While standardization of recharging connections is essential if electric vehicles are to become commonplace, only Renault SA appears to be working actively on the idea of quickly switching a charged battery for one that is depleted in several minutes at a service station.

California-based Project Better Place, the only private company developing an infrastructure for EVs, believes such switching stations are essential to widespread public adoption.

“We need to assure the driver they will never get stuck,” Project Better Place CEO Shai Agassi says in a recent San Francisco radio interview.

Every EV manufacturer eventually will offer vehicles that can be recharged from ordinary outlets, but the typical lithium-ion battery packs with a 100-mile (160-km) range will require a 6- to 8-hour recharge.

To satisfy customers who can’t wait that long, auto makers are working on quick-charge connections that will nearly fully recharge a battery in less than half an hour. While European competitors may come up with a standard to share across borders, it could be years before a global standard is reached.

Project Better Place, which is working with Renault to bring electric cars to Israel, has installed 1,000 recharging stations in that country. By the end of 2010, just before sales of the electric Renault Megane begin there, Agassi expects to have 100,000 recharge points and 50 battery-exchange stations available.

Israel promises to be an early EV success because there is “an innate aversion to oil…embedded in everyone’s psyche,” he says.

Agassi is demonstrating a battery-exchange station this month in Yokohama, Japan, in which an arm comes up from under the car, removes the depleted battery and installs a full one.

Renault appears to be developing its first vehicles with such a system but work is not complete. The Renault Kangoo Be Bop Z.E. concept shown to Renault stockholders in Paris does not offer the system.

“We are developing three ways to recharge,” a Renault spokesman says. “Regular charge, fast charge and quick drop.” When the Kangoo comes to market in 2011, he says it will have all three.

China, like Israel and Denmark, actively is pursuing an EV industry, and Agassi says in his radio interview the U.S. and China should work together on developing an electric auto industry, rather than competing against one another.

However, while China is ambitious, it is not yet in a leadership position. Most of the new-energy concepts proposed by Chinese auto makers at the April Shanghai auto show were for micro-hybrids that use integrated starter-generators.

Only BYD Auto Co. Ltd., in which Warren Buffet has invested, has developed sophisticated EV prototypes, but the auto maker doesn’t count on rapid sales success.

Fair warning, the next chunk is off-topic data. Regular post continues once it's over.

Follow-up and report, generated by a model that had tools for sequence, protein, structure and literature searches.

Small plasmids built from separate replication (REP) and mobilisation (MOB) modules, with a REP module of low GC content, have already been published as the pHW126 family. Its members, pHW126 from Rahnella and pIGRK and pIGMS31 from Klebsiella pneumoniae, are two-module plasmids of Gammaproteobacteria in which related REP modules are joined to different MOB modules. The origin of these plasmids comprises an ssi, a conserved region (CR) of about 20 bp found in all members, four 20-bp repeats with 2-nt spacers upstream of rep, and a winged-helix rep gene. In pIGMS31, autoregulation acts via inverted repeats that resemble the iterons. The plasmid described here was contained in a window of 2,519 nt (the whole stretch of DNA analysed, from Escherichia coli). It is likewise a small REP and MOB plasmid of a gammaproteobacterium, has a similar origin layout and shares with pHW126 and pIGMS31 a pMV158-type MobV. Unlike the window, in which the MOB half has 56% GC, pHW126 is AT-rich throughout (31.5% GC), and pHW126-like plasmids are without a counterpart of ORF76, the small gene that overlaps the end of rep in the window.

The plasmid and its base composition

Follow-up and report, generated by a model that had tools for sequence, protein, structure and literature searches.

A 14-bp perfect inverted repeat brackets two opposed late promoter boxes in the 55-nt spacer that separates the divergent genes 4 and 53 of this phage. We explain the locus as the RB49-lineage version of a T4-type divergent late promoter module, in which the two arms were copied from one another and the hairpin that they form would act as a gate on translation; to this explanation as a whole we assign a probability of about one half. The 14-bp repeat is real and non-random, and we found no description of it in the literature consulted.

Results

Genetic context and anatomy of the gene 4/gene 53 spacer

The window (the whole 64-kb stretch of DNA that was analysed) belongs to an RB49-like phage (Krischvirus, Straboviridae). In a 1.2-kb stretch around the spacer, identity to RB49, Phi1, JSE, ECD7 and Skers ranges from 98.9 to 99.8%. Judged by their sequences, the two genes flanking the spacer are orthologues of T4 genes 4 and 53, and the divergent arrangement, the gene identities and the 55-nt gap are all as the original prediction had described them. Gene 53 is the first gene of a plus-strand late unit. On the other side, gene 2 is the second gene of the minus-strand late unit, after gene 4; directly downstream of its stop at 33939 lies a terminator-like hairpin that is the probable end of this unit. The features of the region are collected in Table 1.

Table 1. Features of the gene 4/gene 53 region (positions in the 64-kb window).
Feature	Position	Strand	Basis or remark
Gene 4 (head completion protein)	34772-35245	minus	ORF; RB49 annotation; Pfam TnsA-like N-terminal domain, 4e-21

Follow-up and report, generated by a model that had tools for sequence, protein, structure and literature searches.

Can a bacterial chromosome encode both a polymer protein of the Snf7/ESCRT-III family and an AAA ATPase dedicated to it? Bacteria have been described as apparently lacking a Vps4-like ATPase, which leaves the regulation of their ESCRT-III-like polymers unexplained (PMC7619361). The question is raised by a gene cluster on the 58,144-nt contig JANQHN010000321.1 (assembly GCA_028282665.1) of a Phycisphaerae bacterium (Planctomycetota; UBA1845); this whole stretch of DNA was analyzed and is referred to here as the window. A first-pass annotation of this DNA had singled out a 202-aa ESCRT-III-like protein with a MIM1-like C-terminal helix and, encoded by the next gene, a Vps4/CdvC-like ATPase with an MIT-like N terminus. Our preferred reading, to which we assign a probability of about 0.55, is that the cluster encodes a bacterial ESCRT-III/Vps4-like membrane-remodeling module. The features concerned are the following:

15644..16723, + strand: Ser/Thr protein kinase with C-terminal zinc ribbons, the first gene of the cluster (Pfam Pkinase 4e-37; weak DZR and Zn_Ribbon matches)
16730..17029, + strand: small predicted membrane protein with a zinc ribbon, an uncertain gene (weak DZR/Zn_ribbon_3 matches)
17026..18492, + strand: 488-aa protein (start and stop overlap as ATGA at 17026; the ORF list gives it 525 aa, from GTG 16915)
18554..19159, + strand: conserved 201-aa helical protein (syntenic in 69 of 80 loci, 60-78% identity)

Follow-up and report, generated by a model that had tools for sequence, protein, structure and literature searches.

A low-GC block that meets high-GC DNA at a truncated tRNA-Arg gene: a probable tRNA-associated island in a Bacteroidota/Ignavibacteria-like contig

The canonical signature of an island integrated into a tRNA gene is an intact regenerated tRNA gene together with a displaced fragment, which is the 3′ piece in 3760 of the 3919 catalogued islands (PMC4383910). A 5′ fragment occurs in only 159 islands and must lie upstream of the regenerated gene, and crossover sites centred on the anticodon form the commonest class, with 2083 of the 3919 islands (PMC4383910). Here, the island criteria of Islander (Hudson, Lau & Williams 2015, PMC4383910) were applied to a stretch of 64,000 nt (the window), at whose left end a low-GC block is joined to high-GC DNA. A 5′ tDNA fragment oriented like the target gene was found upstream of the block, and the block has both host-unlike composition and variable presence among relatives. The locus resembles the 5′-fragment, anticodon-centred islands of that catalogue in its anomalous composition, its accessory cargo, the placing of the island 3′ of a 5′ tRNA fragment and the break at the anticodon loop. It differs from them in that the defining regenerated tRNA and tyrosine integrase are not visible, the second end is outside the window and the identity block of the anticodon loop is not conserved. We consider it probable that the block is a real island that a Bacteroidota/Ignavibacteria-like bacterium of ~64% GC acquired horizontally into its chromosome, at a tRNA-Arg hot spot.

“The pure electric-vehicle market will be in five to 10 years,” says Henry Li, general manager of BYD Auto’s overseas trade division, at China Automotive Review’s 14th Annual President’s Conference in Shanghai during the show.

For the next couple years, BYD will develop its plug-in hybrid cars. And the auto maker is eying Israel. “I have personally met with Shimon Peres,” Israel’s president, Li says. “Israel is a very interesting market. I am sure we are going to do something there in an early stage.”

Still, BYD’s E6 electric-car prototype is not designed for the battery quick-change approach. “BYD is working more on the quick-charging infrastructure (or home charge), rather than a battery-switching solution,” says Patrick Duan, a BYD manager. “But this is also possible in the future.”

Aside from BYD, the rest of China’s EV makers use lead-acid batteries, says Cheng Wang, research analyst at the Low Carbon Transportation Program in Beijing. “We focus on the low-cost and low-speed electric vehicles in China’s market. We believe these kinds of EVs will be the direction of the rural transportation.”

Ford Motor Co. will be the first Detroit auto maker to have a battery-electric vehicle (BEV) available when it begins selling the Focus EV in 2011. However, neither that car nor the ’10 Transit Connect light-duty van being refitted by Smith Electric Vehicles U.S. Corp. are designed to use the Project Better Place battery-exchange method.

“We are aware of the Better Place business model,” Ford spokeswoman Jennifer Moore says. Ford’s goal is “to determine the business model that will provide value for the customer and the BEV producer.”

Even Renault’s partner Nissan Motor Co. Ltd. is not developing its early electric vehicles for the battery exchange. “Nissan is privileging the plug as the technical solution for its electric vehicle,” says Nissan Europe spokesman Gilles Gautherot.

While battery switching remains an experiment that Project Better Place will execute in Israel, shared standards for fast recharging are under discussion.

In Europe, some 20 companies and the RWE electric utility in Germany are working on a fast-charge standard to be shared by auto makers. The project was announced in Hannover last month and is in progress, the Renault spokesman says.

BYD apparently is working on its own solution in China.

Getting a global agreement on standards will be difficult once investments have been made in regional or national infrastructures, but the theory of a global standard is appealing.

“We need to go for standards for electrification that are global in nature, and not regional,” says Dominik Declercq, who represents the European auto makers association ACEA in China. “Standards for plugs, charging times, billing and payments all play a part in customer acceptance.”